Review: The Greenbone Saga (2018-2021) by Fonda Lee

Martial Arts meets Urban High Fantasy meets Crime Syndicates meets Inter-Generational Blood Feuds, WITH a centered family drama so compelling that tears (or heart palpitations) are practically guaranteed. For fans of the Godfather, the Sopranos, and Succession.

Jade City Published 2018, 560 pages

Jade War Published 2019, 590 pages

Jade Legacy Published 2021, 713 pages

Published by Orbit

Lets set the groundwork.

Set on the fictional island of Kekon, The Greenbone Saga follows the Kaul family: Lan, Shae, Hilo and their adoptive cousin Anden over the span of roughly about twenty five years. This is a world where magic exists, but is situated or grounded in a reality that very closely resembles our own. Modern cars, cellphones, automated guns, glass-skylines and towering metropolises – in terms of genre, what we would deem urban fantasy. The island of Kekon is significant, in that it is the only place in the entire world where a natural resource, Jade, can be found and mined. Jade is highly sought after, with many groups vying for domination over the ownership, mining, and distribution of the resource. And for good reason. Individuals who are naturally disposed and or sensitive to Jade gain access to superhuman (or superhuman adjacent) abilities. Think the typical, super-strength, speed, telekinesis. Some individuals are naturally sensitive to Jade, while others do not feel its effects at all. However, beyond the ability to unlock super-powered abilities, Jade also holds cultural, historical, social significance with specific regard to Kekonese society: owners of Jade hold positions of higher social standing, and are usually revered, respected, and or feared. Individuals often adorn jewellery such as necklaces, bangles, earrings, and specific body piercings inlaid with Jade, as mechanism to show social standing.

The No Peak Clan, of which the Kaul family are at the top of the organization’s hierarchy, are one of the two main crime syndicates (or organizations) on the Island of Kekon that currently control Jade. The other rival clan, and the main antagonists for the entirety of the three-book series, is The Mountain Clan. The Greenbone Saga is told from third-person POV, with the series largely favouring the perspectives of the four Kaul children.

Clan leadership is composed of three key roles: The Pilar (the leader), the Horn (leader of the military branch), and the Weather Man (leader of the business branch). One would think that commanding a crime syndicate (or mafia) would largely entail military or sheer brute force exclusively, however, this author makes the very compelling case that business and political manoeuvring is just as significant in terms of domination and control within this world. At the outset of the series, Lan is Pillar of the No Peak Clan, with his younger brother Hilo in the role of the Horn.

Fonda Lee’s three-book series is quite simply astounding. I consumed these three novels, in which each entry numbers 500+ pages, within the span of a month (in between reading other books), and let me tell you: I did not want this series to end. You know that feeling you get when you become so invested in the lives and trajectories of fictional characters? Where slowly, your heart beats fall in complete synchronicity with the cadence of theirs? Their struggles become your struggles, both internal and otherwise? The ability for any form of entertainment, let alone a novel, to be able to do this, always astounds me.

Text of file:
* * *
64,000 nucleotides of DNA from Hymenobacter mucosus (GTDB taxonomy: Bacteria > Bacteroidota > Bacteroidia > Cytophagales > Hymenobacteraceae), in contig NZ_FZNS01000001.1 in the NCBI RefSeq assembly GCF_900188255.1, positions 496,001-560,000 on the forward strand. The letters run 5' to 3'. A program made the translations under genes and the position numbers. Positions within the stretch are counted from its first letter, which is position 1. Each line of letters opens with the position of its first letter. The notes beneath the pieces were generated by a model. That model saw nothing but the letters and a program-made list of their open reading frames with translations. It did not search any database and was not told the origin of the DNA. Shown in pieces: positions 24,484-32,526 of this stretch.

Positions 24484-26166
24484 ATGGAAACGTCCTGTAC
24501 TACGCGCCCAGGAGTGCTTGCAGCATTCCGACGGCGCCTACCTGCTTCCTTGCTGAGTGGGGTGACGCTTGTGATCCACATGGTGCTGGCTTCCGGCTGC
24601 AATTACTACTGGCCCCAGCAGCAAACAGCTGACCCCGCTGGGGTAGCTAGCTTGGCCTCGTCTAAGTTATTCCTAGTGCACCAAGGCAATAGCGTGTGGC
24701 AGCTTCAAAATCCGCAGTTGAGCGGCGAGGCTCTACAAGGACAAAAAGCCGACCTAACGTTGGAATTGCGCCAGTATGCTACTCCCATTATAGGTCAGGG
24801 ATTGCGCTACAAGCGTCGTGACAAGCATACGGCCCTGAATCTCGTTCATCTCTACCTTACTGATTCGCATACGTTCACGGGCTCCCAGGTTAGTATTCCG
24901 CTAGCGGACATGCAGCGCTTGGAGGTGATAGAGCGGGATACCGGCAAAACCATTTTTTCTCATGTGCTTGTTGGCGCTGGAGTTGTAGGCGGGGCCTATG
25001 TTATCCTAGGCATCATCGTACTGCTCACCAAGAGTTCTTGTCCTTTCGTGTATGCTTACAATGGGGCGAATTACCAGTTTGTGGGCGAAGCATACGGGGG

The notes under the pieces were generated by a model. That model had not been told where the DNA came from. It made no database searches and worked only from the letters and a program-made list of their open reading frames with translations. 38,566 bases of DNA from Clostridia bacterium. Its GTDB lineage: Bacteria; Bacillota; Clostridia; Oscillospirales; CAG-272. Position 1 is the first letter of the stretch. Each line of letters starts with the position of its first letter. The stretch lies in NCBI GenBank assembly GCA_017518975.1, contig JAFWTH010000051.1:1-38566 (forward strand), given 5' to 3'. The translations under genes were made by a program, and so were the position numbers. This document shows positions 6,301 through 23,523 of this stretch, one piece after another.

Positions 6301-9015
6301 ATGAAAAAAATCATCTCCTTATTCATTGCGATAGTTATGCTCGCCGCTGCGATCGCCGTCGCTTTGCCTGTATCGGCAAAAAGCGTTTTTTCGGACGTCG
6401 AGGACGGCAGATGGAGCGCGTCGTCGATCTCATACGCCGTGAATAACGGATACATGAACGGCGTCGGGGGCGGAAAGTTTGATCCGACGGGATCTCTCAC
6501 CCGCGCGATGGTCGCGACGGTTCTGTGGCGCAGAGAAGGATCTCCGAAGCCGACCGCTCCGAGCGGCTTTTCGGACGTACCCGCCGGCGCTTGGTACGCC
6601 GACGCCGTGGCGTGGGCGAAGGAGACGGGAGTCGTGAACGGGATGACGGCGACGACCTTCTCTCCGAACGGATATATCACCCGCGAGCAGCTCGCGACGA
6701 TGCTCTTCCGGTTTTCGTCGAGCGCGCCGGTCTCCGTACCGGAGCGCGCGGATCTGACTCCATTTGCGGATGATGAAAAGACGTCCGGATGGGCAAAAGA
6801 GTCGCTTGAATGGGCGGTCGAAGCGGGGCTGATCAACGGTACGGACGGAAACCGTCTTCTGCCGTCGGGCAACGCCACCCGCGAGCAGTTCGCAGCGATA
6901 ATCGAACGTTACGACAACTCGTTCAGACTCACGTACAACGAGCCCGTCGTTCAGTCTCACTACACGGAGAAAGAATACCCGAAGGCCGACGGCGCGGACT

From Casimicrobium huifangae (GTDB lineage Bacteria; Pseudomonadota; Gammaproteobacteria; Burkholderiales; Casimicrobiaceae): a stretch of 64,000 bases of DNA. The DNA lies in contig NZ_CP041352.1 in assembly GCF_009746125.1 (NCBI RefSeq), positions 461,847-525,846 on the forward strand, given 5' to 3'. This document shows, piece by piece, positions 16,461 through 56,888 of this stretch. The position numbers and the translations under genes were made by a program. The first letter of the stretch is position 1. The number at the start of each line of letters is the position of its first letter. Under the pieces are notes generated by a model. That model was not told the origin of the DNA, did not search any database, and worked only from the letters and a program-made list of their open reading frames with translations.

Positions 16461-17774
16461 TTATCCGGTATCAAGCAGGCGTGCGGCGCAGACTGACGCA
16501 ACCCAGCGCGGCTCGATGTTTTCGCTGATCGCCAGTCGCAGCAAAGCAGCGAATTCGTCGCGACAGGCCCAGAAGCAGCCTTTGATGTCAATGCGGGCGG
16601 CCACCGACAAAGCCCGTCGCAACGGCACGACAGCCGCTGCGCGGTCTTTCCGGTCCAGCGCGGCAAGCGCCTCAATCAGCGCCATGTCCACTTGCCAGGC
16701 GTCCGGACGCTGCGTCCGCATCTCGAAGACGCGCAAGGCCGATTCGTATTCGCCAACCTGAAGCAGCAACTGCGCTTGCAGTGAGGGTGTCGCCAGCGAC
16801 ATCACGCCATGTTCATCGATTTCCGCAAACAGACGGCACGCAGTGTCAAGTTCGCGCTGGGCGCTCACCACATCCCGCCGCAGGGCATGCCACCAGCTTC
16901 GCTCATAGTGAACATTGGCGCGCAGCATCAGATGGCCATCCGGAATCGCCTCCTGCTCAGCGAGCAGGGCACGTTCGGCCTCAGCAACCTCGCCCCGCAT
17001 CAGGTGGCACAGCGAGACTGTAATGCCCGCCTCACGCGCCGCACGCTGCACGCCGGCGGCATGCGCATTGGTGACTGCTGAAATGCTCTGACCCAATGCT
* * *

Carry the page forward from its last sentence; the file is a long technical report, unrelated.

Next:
If you are searching for that kind of feeling, and boast an appreciation for urban high fantasy with a very strong emotional foundation, might I suggest this series?

I need to give a shout-out to the narrator of all three audiobooks for the entire series, Andrew Kishino. He does a wonderful job of creating an experientially unique method of consuming this series. His performance in particular lends itself fairly well to the tone and idiosyncrasies of this story. I might even go so far as to say that his work did much to add a cinematic angle to the overarching story.

In a story beset with with clan politics and warfare, world-building, mafia-esque activities, magical super-powered abilities, martial arts, and training schools designed to produce Jade adorning warriors, this author always keeps the focus on the Kaul family. Lan, Hilo, Shae, and Anden each hold distinct personalities, and you will ostensibly come to fall in love with these deeply flawed yet relatable characters over the twenty-plus years, as they take control of the No Peak Clan from the previous outgoing generation. And I do mean ‘deeply flawed’; these characters mess up time and time again, especially in the face of such sophisticated antagonism seen in the leaders of the rival – The Mountain – clan.

The beginning of the series, Jade City, leans into full-out street war between No Peak and the Mountain, whilst its sequel Jade War extends these consideration in the spheres of political and business expansion while ramping up the tension between the two dominant clans on Kekon. The final book in the series, Jade Legacy, is something of a next-generation story, taking numerous time-jumps in terms of its linear storytelling and introducing the next generation of the Kauls and the Ayts (the head family of the Mountan Clan), while also concluding many of the plot threads implicated in Jade War.

To say that the final book in the novel was an emotional experience, would be putting it lightly.

I could not recommend this series enough to casual and devout fans of high fantasy. The series is a revelation in inspired urban high fantasy. For readers looking for the next great family saga, spanning generations, blood-feuds, while keeping a grounded tender humanity front-and-centre. Dare I say, I’ve found your next obsession?

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